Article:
A recent study published in The BMJ, which found that medical errors are the third leading cause of death in the U.S., has flaws that prevent the findings from being truly innovative, according to a commentary published by STAT.
The researchers, who concluded that more than 250,000 Americans die each year due to medical errors, are "merely reminding us of old data," writes Vinay Prasad, M.D., assistant professor of medicine at the Center for Ethics in Health Care at Oregon Health and Sciences University, in the opinion piece. To provide a more accurate picture of how many deaths can be attributed to medical errors, the study team should have "made tough decisions about what deaths were truly errors" in the data, he writes.
Prasad argues that the study team's definition of "medical error" was too broad because they considered it as any action that does not achieve its intended outcome or a planned action that, for any reason, is not performed and leads to patient harm. Prasad says a better working definition would be: something a provider did or did not do that led to patient harm and the action should have been done differently given what was known, or not know, about the patient's condition at that time.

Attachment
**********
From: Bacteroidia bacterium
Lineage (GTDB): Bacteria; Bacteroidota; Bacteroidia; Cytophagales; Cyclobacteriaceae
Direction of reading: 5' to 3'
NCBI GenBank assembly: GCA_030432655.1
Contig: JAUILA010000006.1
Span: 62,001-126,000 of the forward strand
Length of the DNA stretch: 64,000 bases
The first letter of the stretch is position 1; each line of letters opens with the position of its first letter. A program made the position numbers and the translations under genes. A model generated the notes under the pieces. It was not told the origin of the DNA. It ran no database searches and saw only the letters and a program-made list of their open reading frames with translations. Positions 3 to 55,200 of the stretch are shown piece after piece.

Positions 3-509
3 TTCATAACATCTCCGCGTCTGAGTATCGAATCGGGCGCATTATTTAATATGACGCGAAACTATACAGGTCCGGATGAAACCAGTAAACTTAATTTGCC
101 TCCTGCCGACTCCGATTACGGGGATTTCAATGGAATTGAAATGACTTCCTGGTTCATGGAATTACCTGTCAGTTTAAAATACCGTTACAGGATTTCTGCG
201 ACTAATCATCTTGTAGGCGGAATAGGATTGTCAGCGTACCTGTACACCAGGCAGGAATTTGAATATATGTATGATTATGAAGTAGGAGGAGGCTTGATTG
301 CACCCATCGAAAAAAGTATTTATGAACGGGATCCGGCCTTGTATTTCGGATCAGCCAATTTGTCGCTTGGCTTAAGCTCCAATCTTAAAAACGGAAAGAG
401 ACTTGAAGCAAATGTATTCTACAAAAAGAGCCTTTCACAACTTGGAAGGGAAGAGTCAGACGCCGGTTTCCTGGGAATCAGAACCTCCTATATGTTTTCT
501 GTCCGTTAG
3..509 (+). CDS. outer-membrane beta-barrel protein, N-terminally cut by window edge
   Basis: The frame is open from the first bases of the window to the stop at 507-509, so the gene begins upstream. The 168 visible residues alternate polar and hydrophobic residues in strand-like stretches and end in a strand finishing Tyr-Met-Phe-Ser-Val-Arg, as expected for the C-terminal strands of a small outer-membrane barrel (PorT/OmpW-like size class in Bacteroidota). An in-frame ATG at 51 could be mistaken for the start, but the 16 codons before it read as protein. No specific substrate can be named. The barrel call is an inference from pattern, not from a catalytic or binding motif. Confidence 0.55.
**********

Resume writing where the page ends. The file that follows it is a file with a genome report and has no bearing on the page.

"When it comes to suspected errors, those who think they can always pinpoint which actions led to potentially preventable harm are either kidding themselves or are incredibly arrogant," Prasad writes. "One of the most difficult things about medicine is that much of the time we don't know for sure if an outcome would have been different had we acted another way."
To learn more:
- read the commentary
Medical errors officially the third leading cause of death in the US, study finds
Collaborative efforts key to medical error data collection
Nurse association promotes 'culture of safety' in healthcare
Medical errors can take a toll on doctors